Bidwell’s frustration is shared by the many thousands of amateur singers currently unable to rehearse and perform in community halls, schools, churches and clubs around the state.

But while singers are desperate to get back to making music and seeing friends, there are concerns that choral singing is uniquely problematic when it comes to the spread of coronavirus.

“Group singing is considered a high-risk activity due to the increased chance of spreading COVID-19,” said a spokesperson for NSW Health. “Singers inhale and exhale more air at greater air and moisture volume than when they are speaking normally. Virtual choirs are the safest option at this point in time.

“Singing groups consisting of vulnerable people are especially encouraged not to have face-to-face meetings.”

In one now notorious incident in March, several members of a 122-strong choir in Skagit County, Washington, became sick after a two-and-a-half-hour rehearsal. Fifty-three people ultimately fell ill and two died.

A joint review of that event by the US Department of Health and Services and the Centers for Disease Control and Prevention concluded that the virus “might be highly transmissible in certain settings, including group singing events”.


Recent work by a University of NSW PhD student, Prateek Bahl, underscores the potential risks. Bahl’s work focuses on visualising respiratory flows to understand how diseases are transmitted.

Using a high-powered light source, he filmed a subject singing the tonic sol-fa scale. The resulting video shows masses of tiny droplets, called aerosols, projecting from the singer’s mouth, particularly on the syllable “Fa”.

“We did not expect to see this many droplets from speaking or singing,” he said. “It was much higher than our expectations.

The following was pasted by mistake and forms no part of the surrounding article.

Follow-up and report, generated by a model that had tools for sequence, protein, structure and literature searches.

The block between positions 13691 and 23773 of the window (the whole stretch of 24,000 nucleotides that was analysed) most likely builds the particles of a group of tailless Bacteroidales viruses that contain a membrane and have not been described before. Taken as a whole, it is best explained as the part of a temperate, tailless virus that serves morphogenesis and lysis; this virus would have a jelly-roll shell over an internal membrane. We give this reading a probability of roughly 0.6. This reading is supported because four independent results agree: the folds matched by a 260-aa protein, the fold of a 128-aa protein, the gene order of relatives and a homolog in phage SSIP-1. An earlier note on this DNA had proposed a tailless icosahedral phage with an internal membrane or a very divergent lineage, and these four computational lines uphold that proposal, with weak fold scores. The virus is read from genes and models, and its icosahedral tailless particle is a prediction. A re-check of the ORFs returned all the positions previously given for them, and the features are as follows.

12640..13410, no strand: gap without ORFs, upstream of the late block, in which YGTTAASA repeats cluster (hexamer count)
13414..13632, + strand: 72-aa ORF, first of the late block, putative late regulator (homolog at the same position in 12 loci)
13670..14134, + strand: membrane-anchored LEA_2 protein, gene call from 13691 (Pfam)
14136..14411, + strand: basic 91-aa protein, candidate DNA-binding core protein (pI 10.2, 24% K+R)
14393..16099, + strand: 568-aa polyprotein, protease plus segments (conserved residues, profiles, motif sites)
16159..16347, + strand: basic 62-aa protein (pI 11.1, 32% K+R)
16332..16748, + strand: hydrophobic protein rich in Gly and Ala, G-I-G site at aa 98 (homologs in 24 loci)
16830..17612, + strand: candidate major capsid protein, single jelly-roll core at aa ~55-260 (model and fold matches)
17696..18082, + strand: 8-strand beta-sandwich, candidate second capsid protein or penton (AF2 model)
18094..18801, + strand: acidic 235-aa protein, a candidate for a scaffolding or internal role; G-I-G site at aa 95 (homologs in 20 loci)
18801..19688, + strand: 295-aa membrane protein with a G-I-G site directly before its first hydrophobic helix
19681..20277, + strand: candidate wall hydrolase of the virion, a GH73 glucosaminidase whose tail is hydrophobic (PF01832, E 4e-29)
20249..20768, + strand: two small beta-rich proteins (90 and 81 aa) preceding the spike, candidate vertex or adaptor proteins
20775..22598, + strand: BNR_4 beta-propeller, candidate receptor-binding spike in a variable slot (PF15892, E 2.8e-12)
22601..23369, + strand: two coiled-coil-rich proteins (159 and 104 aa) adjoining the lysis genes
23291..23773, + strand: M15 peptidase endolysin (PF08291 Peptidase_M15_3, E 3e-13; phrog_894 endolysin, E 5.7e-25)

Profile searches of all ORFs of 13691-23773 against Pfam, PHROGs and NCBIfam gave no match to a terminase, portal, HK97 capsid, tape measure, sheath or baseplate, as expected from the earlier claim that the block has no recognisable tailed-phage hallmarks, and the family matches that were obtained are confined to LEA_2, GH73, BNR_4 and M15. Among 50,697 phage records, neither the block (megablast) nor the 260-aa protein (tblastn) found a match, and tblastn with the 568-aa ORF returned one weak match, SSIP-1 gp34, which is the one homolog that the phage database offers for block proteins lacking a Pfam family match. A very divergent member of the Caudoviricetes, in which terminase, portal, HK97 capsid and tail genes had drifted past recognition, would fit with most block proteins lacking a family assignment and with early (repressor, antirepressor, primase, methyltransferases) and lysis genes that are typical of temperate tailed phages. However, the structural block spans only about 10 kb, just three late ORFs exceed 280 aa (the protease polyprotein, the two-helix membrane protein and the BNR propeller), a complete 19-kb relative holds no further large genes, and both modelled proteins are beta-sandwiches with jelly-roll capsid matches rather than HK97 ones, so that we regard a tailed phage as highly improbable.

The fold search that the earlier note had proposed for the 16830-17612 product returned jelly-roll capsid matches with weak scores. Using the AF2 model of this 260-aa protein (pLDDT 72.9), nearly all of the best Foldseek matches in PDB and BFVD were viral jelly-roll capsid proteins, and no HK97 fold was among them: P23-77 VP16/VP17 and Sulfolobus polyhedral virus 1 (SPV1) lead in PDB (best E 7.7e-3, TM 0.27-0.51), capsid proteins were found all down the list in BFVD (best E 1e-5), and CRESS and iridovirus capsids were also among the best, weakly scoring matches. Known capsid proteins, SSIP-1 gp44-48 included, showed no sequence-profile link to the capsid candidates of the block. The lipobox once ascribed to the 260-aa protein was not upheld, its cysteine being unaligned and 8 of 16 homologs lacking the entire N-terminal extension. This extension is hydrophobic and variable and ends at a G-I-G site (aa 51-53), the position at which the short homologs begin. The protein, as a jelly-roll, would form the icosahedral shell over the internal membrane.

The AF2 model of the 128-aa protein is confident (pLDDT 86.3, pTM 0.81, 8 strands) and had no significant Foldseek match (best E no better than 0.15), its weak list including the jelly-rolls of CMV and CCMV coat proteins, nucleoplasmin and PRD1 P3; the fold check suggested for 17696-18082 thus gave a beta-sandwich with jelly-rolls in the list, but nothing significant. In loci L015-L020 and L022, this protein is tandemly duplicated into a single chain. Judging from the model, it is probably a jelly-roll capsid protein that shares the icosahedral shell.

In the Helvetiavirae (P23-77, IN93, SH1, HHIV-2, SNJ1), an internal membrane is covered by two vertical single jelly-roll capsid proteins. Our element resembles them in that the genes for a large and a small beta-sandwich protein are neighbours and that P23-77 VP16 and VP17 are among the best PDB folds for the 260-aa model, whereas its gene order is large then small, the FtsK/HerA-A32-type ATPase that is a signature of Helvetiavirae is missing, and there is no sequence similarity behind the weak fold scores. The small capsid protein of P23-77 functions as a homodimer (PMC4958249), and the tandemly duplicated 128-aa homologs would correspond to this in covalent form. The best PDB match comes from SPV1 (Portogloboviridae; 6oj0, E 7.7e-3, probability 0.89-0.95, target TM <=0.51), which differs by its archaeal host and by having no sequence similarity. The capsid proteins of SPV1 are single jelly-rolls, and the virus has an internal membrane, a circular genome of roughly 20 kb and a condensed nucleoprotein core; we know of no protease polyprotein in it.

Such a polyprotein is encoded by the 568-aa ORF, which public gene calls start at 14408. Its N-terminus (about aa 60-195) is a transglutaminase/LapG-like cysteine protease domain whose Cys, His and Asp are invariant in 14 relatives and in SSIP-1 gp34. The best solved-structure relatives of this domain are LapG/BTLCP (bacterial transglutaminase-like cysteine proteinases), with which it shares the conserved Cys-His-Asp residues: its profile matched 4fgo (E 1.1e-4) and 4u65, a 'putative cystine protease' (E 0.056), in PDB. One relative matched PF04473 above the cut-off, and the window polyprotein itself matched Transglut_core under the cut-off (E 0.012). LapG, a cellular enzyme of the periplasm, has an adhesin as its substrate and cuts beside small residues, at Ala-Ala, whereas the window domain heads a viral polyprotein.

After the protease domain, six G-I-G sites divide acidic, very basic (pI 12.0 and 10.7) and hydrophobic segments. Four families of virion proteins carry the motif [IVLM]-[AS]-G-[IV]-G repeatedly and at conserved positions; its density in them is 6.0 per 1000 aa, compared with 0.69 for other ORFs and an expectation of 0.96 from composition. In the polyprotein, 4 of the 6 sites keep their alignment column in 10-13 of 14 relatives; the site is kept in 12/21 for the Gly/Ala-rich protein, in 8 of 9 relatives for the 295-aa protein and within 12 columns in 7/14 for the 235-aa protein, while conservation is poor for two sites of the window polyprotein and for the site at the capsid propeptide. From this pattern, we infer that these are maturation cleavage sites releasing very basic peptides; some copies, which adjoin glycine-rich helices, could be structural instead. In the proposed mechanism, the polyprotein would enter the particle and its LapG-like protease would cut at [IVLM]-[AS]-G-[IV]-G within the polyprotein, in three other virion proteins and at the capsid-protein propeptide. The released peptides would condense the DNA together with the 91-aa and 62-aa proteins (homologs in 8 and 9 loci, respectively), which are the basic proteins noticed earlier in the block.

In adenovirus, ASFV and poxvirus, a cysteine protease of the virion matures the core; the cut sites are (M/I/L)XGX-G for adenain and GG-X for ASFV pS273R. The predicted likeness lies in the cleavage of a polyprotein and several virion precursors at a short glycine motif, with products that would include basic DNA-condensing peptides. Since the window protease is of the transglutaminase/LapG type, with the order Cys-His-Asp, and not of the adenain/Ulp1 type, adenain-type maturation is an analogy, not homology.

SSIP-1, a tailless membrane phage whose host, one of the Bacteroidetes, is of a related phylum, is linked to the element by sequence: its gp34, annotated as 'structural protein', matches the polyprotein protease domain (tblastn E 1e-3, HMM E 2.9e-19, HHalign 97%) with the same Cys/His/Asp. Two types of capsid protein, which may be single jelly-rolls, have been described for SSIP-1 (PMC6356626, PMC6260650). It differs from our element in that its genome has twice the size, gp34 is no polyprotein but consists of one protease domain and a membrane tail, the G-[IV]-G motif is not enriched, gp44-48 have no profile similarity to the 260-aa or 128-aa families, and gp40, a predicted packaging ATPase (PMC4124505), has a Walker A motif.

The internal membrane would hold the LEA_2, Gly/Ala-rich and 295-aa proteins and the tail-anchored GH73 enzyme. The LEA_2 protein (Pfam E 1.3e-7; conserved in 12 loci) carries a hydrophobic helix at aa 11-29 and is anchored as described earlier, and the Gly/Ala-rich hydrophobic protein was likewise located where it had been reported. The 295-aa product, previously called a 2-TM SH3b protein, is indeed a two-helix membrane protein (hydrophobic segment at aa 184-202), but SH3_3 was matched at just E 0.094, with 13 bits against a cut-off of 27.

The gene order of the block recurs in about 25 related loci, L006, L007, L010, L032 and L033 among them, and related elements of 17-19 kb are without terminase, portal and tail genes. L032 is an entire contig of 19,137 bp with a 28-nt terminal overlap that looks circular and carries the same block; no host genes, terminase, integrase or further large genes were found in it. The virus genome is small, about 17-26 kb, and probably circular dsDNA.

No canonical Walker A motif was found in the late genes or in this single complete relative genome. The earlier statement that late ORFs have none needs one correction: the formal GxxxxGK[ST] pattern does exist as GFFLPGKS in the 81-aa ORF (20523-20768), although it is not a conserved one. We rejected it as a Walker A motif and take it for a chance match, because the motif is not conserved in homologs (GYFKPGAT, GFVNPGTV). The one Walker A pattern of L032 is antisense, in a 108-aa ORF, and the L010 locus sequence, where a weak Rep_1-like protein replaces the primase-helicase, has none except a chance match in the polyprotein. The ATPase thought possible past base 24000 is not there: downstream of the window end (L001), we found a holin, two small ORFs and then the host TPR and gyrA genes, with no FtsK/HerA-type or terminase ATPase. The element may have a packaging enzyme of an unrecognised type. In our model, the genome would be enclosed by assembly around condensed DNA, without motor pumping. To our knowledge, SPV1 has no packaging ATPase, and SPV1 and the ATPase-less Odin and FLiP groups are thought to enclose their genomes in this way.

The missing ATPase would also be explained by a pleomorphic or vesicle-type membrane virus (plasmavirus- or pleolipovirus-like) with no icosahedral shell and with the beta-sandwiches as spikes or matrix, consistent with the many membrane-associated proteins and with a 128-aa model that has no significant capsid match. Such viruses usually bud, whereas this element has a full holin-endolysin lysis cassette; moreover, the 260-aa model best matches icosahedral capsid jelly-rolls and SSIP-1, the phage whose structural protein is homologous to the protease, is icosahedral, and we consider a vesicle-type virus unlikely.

“Most of the droplets in the video are aerosols so they don’t settle down easily. They float and can fill an entire room if you are singing for hours.”

Stuart Davis conducts Timbre Flaws and two other community choirs. He has been devastated by the shutdown.

“Masses of my work disappeared over three days,” he said. “I had weekend workshops and day workshops and overseas workshops and they all just cancelled. My income has taken a catastrophic hit.”

However, he has managed to keep his three choirs running, staging online rehearsals via the conferencing application Zoom.

And when restrictions were relaxed recently to allow up to five visitors in homes, he began experimenting with streaming mini, socially-distanced choir rehearsals from his home.

“It’s kind of like you’re there and you’re hearing all the parts,” he said. “You’re just sitting at home but otherwise musically you’re getting the experience.”

Davis said he was “wracking his brains” to come up with a safe way of resuming mass rehearsals but so far hasn’t found an answer.

“People have said, ‘Why can’t we just meet outdoors somewhere?’ That’s conceivable but winter’s coming along and standing outdoors in the dark in the middle of winter … it doesn’t sound like a great experience to me.

“The question is whether they will open for everyone except choirs, with all the information coming out. They might end up saying, ‘Yes you can have football games and go to the pub – but you cannot sing in a choir’.”

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